Inflation has arrived, and it doesn’t appear to be going away anytime soon. Consumers are experiencing higher prices on food, gasoline, rent, and many other everyday goods and services. Many families are modifying their investment strategy by allocating capital to real assets like apartment buildings or to hard currencies like gold and bitcoin.
Setting aside investment strategies for a moment, is there anything you can do to combat inflation as a consumer? In fact, there’s plenty that you can do.
As inflation changes, so do people’s time preferences for their money. If you expect inflation to be lower in the future, you are more likely to delay gratification by saving and investing your money for the future. Conversely, if you expect inflation to increase, you are probably more inclined to spend your money today, perhaps because you fear that your money may buy less in the future. As such, it may be well worth considering making some common-sense changes to your personal financial planning approach, ranging from the way you finance your home to the kind of automobile you purchase to the way that you buy your food.
Now, if you think inflation will not stay high and will fall back down to the 1% to 2% range, it probably does not make sense to make any changes. However, suppose you are concerned that price increases will stay above 3% on average and that real (inflation-adjusted) interest rates will remain negative. In that case, you may want to reconsider some of your financial planning decisions, while making sure that they reflect your individual financial situation and personal tolerance for risk.
1. Buy Rather Than Rent
In an inflationary period, the rent vs. buy decision generally favors buying over renting your home. When you are a renter, your landlord will likely hike your rent at the level of inflation when your lease comes due each year, which might be fine when inflation is low, but it is much less desirable when inflation is high. As a renter, your housing costs are unprotected from inflation. In contrast, there are two strong reasons to buy your home. First, as a homeowner, your mortgage payments are generally fixed. Second, the replacement value of your home is likely to increase with inflation because the cost of land, materials, and labor are all rising with inflation. Being a homeowner helps to protect you from inflation.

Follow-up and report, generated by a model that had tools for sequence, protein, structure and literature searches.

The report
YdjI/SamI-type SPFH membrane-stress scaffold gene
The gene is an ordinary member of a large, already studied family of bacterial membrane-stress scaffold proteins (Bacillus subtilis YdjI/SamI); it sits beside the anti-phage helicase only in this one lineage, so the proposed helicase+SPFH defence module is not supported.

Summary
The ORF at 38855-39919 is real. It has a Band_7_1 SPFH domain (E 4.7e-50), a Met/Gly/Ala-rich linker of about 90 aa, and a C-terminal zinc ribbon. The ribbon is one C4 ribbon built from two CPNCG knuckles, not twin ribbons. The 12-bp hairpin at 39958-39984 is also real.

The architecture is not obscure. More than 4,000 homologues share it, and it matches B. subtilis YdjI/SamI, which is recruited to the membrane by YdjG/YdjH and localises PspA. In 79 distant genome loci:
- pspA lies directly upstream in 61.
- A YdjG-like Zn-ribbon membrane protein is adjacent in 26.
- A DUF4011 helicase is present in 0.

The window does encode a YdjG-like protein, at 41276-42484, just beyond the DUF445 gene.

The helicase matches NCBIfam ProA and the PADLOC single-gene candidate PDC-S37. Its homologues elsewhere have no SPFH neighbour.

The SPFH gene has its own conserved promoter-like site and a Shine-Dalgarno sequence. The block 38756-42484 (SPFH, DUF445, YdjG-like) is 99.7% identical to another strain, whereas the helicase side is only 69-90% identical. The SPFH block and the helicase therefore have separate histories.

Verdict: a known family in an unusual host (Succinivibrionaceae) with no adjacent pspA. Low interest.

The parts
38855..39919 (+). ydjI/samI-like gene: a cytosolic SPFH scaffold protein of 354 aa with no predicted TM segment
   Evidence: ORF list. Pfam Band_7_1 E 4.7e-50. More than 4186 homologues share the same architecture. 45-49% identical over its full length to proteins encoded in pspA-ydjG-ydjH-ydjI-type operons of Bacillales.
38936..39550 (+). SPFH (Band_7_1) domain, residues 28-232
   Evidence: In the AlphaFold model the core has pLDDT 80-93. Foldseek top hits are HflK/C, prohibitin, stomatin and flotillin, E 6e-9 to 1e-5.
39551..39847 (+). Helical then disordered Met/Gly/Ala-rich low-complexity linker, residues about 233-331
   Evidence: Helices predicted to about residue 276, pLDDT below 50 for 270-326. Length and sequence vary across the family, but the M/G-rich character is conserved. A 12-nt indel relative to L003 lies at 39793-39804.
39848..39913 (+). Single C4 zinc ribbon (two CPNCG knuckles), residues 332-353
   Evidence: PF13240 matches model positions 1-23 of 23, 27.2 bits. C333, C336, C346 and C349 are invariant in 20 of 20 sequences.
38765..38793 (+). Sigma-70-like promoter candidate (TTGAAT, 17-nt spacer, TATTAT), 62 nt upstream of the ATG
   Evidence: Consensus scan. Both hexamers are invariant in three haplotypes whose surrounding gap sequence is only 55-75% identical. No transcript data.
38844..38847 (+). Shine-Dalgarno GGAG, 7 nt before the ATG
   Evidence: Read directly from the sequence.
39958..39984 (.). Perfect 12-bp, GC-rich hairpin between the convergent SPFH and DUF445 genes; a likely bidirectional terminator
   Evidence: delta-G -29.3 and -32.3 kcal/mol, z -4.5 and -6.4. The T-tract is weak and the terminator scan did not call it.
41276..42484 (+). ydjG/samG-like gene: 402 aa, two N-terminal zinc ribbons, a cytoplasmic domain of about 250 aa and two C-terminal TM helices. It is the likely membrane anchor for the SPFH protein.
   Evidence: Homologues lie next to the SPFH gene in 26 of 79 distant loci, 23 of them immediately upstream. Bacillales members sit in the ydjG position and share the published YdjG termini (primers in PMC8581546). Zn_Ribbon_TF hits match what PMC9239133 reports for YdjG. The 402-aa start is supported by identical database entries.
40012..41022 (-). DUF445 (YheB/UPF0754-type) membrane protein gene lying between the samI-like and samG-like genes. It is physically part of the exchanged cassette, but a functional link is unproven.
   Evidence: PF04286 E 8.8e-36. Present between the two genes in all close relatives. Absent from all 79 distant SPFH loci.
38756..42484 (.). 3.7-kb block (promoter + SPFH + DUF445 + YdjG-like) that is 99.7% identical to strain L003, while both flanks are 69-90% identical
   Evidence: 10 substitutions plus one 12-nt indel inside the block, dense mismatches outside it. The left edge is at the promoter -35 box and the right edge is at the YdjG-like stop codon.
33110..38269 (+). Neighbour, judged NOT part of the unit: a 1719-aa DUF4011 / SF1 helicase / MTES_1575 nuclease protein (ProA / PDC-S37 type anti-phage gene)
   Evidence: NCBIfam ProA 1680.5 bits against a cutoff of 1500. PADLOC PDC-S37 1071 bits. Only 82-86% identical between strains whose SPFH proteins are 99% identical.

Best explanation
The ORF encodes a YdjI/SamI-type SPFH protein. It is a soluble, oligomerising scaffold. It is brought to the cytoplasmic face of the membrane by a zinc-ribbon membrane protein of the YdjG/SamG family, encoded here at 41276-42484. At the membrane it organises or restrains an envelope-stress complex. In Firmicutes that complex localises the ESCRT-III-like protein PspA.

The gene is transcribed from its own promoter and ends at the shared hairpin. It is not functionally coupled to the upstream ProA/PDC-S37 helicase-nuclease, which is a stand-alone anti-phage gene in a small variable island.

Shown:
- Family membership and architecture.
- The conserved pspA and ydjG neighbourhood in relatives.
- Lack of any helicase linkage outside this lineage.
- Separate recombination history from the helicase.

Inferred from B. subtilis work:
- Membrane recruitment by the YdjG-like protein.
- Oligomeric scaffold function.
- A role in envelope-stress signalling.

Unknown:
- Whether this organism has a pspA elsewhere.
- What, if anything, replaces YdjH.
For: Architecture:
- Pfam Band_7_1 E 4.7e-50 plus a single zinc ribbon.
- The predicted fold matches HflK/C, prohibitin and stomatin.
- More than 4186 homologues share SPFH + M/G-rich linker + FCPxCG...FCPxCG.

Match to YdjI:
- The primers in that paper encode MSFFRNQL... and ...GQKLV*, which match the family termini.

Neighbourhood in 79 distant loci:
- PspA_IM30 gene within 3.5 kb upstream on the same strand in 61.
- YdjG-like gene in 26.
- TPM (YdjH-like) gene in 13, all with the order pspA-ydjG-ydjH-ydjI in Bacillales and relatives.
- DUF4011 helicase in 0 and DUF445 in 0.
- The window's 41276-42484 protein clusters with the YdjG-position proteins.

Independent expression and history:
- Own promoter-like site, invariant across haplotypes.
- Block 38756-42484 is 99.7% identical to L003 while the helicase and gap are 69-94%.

2. Finance Your Home With A Mortgage
It’s a terrible time to be a lender or a bond investor, as interest rates are not even high enough to compensate investors for inflation. However, it’s an ideal time to be a borrower, assuming that you don’t take on more leverage than you can handle. If you get a fixed mortgage that is as long-term as you can stomach, you are making inflation work for you. Some homeowners are borrowing money for 30 years and paying less than 3% per year, and that is before taking into consideration the tax deduction on interest expenses. However, the very best thing about a mortgage is that the inflation-adjusted value of your mortgage payments declines at the same rate as inflation rises.
3. Get An Auto Loan